When is a Drug Safe and Effective Enough?
Friedreich’s Ataxia (sometimes shortened to FA) is a disease that slowly damages the nervous system over time. Often, FA results in difficulty controlling muscle movements, impaired sensory function, spinal curvature, and a host of other serious health concerns. Symptoms of FA usually begin during early or late childhood and last the duration of the victim’s lifetime (which is often shortened). While FA is rare (about 5,000 Americans currently have it), those with it can only receive treatment for symptoms.
Fortunately, the FDA granted fast-track designation for an experimental FA treatment named Omaveloxolone in 2022 after it demonstrated the ability to slow the disease’s progression in clinical trials. As an article published by the Children’s Hospital of Philadelphia summarized, “omaveloxolone has a potentially beneficial effect in slowing the progression of Friedreich’s ataxia out to more than two years... [and] it appears that this drug truly provides benefit to patients at all stages.”
The FDA has a different assessment.
After nearly a year of clinical trials, the agency determined that omaveloxolone’s ability to help patients was not clinically significant enough to advance in the approval process. Why not? The FDA’s standard cut-off level of significance requires a p-value of 0.01 or less (indicating a 99 percent chance results of treatment were not due to random chance). Results from omaveloxolone’s clinical trial resulted in a p-value of 0.014.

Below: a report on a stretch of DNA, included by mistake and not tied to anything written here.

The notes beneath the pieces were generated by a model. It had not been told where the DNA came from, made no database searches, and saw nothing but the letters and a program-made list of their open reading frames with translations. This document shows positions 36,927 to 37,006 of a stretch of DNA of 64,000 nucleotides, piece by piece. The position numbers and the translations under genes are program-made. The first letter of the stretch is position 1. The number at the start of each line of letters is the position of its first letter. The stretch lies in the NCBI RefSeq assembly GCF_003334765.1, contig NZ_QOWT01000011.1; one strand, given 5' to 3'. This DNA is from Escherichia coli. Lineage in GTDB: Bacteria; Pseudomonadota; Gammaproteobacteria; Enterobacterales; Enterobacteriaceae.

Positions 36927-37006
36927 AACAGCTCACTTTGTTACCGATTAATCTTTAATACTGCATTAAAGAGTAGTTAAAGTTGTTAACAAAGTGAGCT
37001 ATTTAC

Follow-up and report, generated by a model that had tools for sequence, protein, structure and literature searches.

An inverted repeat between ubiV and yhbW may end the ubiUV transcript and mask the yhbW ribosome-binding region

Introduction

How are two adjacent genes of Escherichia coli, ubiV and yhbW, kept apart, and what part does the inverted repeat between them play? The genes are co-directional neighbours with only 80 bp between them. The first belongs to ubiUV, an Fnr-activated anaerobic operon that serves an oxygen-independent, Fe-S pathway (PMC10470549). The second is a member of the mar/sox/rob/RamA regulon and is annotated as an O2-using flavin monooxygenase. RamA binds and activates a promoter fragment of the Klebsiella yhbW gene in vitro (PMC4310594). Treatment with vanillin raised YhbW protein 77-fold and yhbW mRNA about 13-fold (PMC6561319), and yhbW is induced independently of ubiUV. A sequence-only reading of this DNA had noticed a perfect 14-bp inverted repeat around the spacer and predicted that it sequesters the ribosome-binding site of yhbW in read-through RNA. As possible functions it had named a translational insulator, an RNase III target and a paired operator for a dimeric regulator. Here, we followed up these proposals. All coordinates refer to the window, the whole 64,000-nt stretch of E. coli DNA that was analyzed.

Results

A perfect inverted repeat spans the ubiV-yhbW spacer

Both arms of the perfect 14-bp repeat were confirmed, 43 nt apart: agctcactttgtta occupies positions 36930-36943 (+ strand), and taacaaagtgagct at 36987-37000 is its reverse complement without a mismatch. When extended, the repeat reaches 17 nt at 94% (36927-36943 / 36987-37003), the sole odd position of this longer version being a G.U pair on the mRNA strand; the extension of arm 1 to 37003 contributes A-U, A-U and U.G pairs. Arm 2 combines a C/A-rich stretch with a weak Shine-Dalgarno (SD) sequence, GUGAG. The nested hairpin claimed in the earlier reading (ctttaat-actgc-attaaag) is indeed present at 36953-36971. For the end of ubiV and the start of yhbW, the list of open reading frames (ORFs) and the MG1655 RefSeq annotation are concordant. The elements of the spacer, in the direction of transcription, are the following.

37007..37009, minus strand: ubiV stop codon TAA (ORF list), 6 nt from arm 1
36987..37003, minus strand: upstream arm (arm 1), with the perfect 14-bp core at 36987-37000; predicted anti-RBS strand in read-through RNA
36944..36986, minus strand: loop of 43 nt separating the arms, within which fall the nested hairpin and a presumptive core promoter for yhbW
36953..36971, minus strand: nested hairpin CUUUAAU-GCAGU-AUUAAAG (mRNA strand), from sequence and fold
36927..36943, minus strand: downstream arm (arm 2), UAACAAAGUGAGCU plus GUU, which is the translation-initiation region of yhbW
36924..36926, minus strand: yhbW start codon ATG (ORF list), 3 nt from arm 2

That 0.004 point difference means omaveloxolone’s manufacturer must either perform additional clinical trials in hopes of reaching the desired level of significance or abandon hope for approval. Both options prevent thousands of patients with FA from accessing their best hopes to control the disease and live a better life.
Is the difference between 0.01 and 0.014 a big enough difference to withhold beneficial but somewhat unproven treatments from reaching suffering patients? It mostly depends on who gets to decide.
As a bureaucracy tasked with determining how safe and effective drugs and other treatments need to be before reaching patients, the FDA has little reason to relax its standards. Doing so increases the risk of approving a potentially ineffective or harmful product—which can create a public backlash. Consequently, the FDA decision-making process emphasizes the risk of harm or failure rather than the potential benefits of new treatments.
Conversely, patients might strongly consider receiving a treatment that might not help or even harm them depending on their state of health and other factors that aren’t considered in aggregated cost-benefit analyses performed by regulators. As economist Robert Higgs explained in his woefully underappreciated article entitled Banning a Risky Product Cannot Improve Any Consumer’s Welfare (Properly Understood), with Applications to FDA Testing Requirements, different risk assessments between regulators and patients only exemplify that choices contain an inescapable element of risk. He also wisely notes:
To ban a good because a third party believes it to be in some sense riskier than the consumer believes it to be or because a third party values risk-avoidance more than the consumer does is simply to impose the third party’s preferences on the actual consumer.
Different p-values from clinical trial results can be the difference between statistical significance and non-significance. Based on a 99 percent significance threshold, omaveloxolone came up short.
But questions of what level of significance should be standard or when a drug’s potential benefits outweigh its potential costs are matters that have to be answered by people. And the different willingness to accept risk depends on personal circumstances. P-values cannot capture these considerations—neither can the FDA.